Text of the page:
edits in bold throughout post
- I am aware that the gateway pundit [first article] is ridiculously right wing, but some people aren’t as aware, and I wanted to clear things up more easily for them.
- You can follow updates on this post in my tagged/darren+wilson
- Washington Post released an article talking about the injury, with no real proofIf you’ve been keeping up with what the media is saying about Darren Wilson, you may have read this article that claims he suffered a blowout fracture: a fracture of one or more bones surrounding the eye. Here is a screencap from the article of a CT scan.In the original version of this post, I assumed this to be Darren Wilson’s CT scan, as the author wanted the average reader to believe. I was not the only one to do so. "To be fair, Hoft never explicitly says that the CT Scan in his post was that of the officer; however, he clearly invites the reader to draw that impression. Further, there is no convincing reason to scrub the reference to the University of Iowa other than to hide the fact that this is very obviously not a CT Scan of Officer Wilson.”
When the article later stated that “police sources” said 12 witnesses had taken Wilson’s side, I was incredible skeptical, obviously.
[I also want to mention that this article is using pictures of the convenience store where the owner’s lawyer blatantly stated that Mike Brown did not steal anything.]
side note on whole altercation: Dorian Johnson confirms theft of cigars, Still Not Reason To Shoot Unarmed Teen Six To Eight Times
This article lists the side effects of an orbital blowout fracture. It also posts a video taken by Piaget Crenshaw, a woman who lives on the street where Mike Brown was killed. The video shows Darren Wilson standing around Mike’s body soon after his murder, showing no signs of pain; and you see the officer he’s reporting to acting like Wilson hasn’t been injured at all. That isn’t very likely for someone who would have visible signs of trauma.
The second article also shows “Darren’s” CT scan, and one that looks exactly like it, but: in the corner it says UNIV OF IOWA ETC-TC. Just to check up on this, I looked up the words “university of iowa blowout fracture” and set Google to where it would show posts from before this year, guess what. On uiowa.edu, this CT scan was on a page made in 2008. [It’s about all kinds of eye trauma.]Below is a screencap with the url in it so you can see what I’m talking about, if you don’t want to scroll through a page with graphic injuries.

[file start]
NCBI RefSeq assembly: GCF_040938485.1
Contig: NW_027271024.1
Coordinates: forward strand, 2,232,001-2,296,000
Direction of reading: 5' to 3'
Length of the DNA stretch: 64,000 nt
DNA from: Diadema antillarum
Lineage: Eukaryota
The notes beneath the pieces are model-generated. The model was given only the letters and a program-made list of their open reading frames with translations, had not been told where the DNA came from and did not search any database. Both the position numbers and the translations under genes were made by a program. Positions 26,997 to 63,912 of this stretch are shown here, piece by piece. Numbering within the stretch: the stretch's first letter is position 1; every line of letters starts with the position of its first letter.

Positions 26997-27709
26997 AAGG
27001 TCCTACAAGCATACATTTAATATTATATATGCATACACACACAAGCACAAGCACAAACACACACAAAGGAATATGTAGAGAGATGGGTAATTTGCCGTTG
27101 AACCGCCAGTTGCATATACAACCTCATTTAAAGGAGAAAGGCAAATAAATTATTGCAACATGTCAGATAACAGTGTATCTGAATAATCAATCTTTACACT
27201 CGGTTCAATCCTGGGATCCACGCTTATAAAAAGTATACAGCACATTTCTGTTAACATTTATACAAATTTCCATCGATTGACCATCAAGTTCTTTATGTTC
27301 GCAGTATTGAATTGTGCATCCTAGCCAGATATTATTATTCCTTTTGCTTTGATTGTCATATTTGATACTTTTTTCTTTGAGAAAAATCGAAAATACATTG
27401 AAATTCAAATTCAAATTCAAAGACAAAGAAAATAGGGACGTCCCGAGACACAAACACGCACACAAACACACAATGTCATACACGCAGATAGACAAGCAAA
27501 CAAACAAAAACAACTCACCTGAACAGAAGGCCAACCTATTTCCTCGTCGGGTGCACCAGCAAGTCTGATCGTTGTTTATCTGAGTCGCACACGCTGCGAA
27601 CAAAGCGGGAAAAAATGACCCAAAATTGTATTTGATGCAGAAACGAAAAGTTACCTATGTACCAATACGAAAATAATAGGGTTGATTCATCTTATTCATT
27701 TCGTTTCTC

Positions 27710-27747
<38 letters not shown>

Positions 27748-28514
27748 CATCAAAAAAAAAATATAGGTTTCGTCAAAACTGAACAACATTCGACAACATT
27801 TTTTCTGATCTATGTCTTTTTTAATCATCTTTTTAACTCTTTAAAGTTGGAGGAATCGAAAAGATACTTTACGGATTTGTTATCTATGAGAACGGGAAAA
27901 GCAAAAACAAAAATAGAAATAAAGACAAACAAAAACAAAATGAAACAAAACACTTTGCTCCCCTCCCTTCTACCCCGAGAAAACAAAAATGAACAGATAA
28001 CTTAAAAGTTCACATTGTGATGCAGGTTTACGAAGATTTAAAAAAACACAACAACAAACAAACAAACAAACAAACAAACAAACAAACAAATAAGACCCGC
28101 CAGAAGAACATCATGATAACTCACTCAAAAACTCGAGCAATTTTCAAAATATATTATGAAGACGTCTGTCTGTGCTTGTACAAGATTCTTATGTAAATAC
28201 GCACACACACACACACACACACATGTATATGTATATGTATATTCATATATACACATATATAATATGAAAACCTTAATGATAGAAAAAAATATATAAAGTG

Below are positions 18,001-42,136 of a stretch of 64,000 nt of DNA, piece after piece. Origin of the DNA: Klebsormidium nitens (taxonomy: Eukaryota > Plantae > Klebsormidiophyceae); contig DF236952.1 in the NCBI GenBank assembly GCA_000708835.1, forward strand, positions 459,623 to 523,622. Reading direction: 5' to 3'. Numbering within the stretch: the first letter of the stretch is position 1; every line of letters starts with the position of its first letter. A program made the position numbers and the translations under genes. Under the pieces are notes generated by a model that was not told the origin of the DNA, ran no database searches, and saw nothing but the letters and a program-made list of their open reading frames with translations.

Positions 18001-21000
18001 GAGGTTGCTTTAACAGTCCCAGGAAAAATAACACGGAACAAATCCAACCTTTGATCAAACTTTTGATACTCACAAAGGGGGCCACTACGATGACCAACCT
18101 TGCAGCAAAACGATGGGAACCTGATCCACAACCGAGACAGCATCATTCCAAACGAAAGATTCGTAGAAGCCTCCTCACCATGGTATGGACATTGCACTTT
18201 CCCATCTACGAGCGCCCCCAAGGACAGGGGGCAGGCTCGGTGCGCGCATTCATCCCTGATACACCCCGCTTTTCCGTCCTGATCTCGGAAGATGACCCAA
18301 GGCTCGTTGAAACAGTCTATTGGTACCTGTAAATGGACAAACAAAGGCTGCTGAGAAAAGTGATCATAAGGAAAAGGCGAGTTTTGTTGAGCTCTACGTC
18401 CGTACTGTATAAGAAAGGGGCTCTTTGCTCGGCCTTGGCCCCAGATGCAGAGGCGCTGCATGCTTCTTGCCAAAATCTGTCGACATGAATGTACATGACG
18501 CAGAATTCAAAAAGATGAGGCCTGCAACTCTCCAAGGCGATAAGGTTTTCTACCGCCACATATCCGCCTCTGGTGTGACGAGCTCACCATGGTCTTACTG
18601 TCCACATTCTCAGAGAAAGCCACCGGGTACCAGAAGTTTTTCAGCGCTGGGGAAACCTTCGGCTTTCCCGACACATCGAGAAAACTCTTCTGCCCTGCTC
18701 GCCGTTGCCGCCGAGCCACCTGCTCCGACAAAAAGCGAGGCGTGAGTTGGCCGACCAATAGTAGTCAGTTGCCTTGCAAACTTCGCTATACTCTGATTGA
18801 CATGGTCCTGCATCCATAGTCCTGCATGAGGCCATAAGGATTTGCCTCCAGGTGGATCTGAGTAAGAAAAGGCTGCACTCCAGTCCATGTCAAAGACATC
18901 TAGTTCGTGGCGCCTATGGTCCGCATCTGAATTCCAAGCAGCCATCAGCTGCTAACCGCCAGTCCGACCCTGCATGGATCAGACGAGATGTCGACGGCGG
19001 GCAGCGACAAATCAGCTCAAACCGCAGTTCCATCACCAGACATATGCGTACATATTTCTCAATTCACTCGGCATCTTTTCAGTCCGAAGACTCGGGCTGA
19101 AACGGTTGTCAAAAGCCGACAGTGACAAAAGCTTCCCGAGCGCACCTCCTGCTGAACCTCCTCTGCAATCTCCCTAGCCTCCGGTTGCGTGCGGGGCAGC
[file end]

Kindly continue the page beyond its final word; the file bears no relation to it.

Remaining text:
[This simply tells you that Hoft, author of article one, wanted the average reader to see this CT scan as proof of Brown attacking Wilson, therefore justifying his murder.]
(“There’s no more racism in America! We have a black President!”)
Now listen to me. If an article does not post credible sources (“two local St. Louis sources” does not count at all) or only goes off what the police is saying: double, triple, quadruple check it before you share the information, just to cause less hysteria for everyone trying to stay updated on these horrific events.
Globalization is not a natural, evolutionary, or inevitable phenomenon, as is often argued. Globalization is a political process that has been forced on the weak by the powerful. Globalization in not the cross-cultural interaction of diverse societies. It is the imposition of a particular culture on all others. Nor is globalization the search for ecological balance on a planetary scale. It is the predation of one class, one race, and often one gender of a single specie on all others. ‘Global’ in the dominant discourse is the political space in which the dominant local seeks control, freeing itself from local, regional, and global sources of accountability arising from the imperatives of ecological sustainability and social justice. ‘Global’ in this sense does not represent the universal human interest; it represents a particular local and parochial interest and culture that has been globalized through its reach and control, irresponsibility, and lack of reciprocity.